2. Argetsinger to serve as Watkins Glen grand marshal: Cameron R. Argetsinger, a road-racing enthusiast who brought auto racing to Watkins Glen in 1948, was named the grand marshal for the Inaugural Watkins Glen Indy Grand Prix presented by Argent Mortgage.
Argetsinger will give the command to start engines prior to the 60-lap race on the historic long-course at Watkins Glen International on Sept. 25. It will be the first race for the IndyCar Series at Watkins Glen.
"I am gratified personally, and I know that fans of The Glen feel the same, to see open wheel, single-seater racing return after 24 years," said Argetsinger, the current President of the International Motor Racing Research Center in Watkins Glen. "The first lap of the first Watkins Glen race in 1948 was led by George Weaver in his Grand Prix, single-seater, open-wheeled Maserati. That opening lap spectacle gave The Glen fans a taste of what was to follow with the United States Grand Prix, run here from 1961 to 1980. And here it is again."
Watkins Glen International is also honoring Argetsinger's legacy in Watkins Glen by titling the winner's trophy the "Cameron R. Argetsinger Trophy." Each year the race champion at The Glen will be added to the nameplate at the base of the trophy. A sterling-silver replica will be awarded to each race winner.
3. DeSimone to debut at Watkins Glen: Rocco DeSimone will become the third young, American driver to debut in the IRL Menards Infiniti Pro Series in as many races Sept. 25 when he competes in the Corning 100 at Watkins Glen International.
DeSimone, a 22-year-old Rhode Island native, will drive the No. 11 Sam Schmidt Motorsports entry around the 11-turn, 3.37-mile natural terrain road course.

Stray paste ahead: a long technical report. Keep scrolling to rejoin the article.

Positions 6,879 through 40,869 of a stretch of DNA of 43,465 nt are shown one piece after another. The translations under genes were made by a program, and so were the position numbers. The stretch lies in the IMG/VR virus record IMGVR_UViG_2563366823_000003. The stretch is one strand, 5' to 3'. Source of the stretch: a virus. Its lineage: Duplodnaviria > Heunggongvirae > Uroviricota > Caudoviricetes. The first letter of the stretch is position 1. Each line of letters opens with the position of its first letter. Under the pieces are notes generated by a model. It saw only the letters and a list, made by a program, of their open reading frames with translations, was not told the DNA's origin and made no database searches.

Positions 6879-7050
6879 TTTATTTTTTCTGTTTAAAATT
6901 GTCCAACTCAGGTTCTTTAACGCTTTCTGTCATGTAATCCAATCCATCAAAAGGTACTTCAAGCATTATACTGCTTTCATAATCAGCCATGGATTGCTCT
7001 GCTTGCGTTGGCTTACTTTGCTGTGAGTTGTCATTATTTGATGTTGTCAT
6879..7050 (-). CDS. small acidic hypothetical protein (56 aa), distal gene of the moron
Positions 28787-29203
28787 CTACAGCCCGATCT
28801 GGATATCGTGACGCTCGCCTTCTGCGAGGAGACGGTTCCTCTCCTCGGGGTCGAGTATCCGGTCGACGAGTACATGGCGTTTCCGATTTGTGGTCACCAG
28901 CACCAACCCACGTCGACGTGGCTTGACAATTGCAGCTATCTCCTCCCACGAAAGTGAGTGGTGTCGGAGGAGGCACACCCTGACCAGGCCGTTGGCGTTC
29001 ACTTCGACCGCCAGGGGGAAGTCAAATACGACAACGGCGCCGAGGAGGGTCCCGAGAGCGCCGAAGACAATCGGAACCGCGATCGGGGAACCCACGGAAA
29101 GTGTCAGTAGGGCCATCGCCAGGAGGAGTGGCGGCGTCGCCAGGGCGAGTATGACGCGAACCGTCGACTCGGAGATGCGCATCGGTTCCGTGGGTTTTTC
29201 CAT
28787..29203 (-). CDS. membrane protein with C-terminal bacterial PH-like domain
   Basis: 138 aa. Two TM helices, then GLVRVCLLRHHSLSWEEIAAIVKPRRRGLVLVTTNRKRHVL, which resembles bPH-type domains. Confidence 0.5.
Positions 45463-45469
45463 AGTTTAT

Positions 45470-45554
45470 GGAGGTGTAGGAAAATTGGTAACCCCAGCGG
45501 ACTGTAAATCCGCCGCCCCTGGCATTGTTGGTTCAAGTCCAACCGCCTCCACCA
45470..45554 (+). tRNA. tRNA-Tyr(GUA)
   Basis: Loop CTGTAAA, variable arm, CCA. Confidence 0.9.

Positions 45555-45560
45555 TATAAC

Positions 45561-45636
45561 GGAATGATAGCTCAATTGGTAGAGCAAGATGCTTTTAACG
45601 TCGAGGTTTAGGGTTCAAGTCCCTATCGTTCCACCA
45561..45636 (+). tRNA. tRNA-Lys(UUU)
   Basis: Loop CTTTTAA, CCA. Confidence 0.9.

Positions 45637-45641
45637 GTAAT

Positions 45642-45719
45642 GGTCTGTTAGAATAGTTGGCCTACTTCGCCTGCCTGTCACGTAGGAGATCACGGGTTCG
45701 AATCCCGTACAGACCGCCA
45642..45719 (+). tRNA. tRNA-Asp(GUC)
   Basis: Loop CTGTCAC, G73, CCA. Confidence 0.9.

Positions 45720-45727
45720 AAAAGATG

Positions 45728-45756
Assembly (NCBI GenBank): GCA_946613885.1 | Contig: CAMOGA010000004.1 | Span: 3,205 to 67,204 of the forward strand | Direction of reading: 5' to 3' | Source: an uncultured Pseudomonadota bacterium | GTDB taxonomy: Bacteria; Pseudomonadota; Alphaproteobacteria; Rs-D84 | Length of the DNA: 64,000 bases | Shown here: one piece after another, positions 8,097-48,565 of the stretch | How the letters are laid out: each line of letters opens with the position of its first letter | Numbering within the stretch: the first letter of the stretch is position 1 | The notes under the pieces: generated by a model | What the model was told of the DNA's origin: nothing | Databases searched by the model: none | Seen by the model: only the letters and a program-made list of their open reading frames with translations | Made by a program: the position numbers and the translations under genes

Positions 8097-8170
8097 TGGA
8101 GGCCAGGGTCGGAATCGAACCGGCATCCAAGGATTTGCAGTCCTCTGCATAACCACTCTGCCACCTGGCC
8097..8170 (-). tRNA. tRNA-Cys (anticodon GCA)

"I looked at the Menards Infiniti Pro Series when it first got started, but it didn't offer any road courses at the time," DeSimone said. "When I heard about the opportunity to race at Watkins Glen this year, I jumped on it. I really made a big effort to get into it. This is my closest race to home. I should have a lot of friends and family there. If all goes well, hopefully it will lead to a ride for next year."
DeSimone began racing go-karts competitively at age 13 and transitioned into formula cars at age 16. In 2003, he finished third in SCCA National Formula Continental competition with two victories, three seconds and three pole positions. He finished second at Watkins Glen.
He recently completed two tests in the 420-horsepower Menards Infiniti Pro Series car.
"Rocco made it abundantly clear that he is ready to compete at this level," said Michael Crawford, team manager for Sam Schmidt Motorsports. "He was quick, professional, and gave great feedback in the time we spent together. We think he has a great future in the series and look forward to showcasing his talents at Watkins Glen."
DeSimone joins Sarah McCune and Bobby Wilson as drivers who have debuted in the last three races. Wilson, a 23-year-old from Oconomowoc, Wis., started second in his debut at Infineon Raceway. McCune, a 26-year-old Ohio native, won the pole position in her debut at Chicagoland Speedway.
The 10th season of IndyCar Series competition continues with the Watkins Glen Indy Grand Prix Presented by Argent Mortgage at 3:30 p.m. (EDT) on Sept. 25 at Watkins Glen International. The race will be broadcast by ABC and the IMS Radio Network. The race broadcast also will be carried on XM Satellite Radio channel 152 (XM Extreme). The next Menards Infiniti Pro Series race is the Corning 100 on Sept. 25 at Watkins Glen International. It will be telecast by ESPN2 at 3 p.m. on Sept. 29.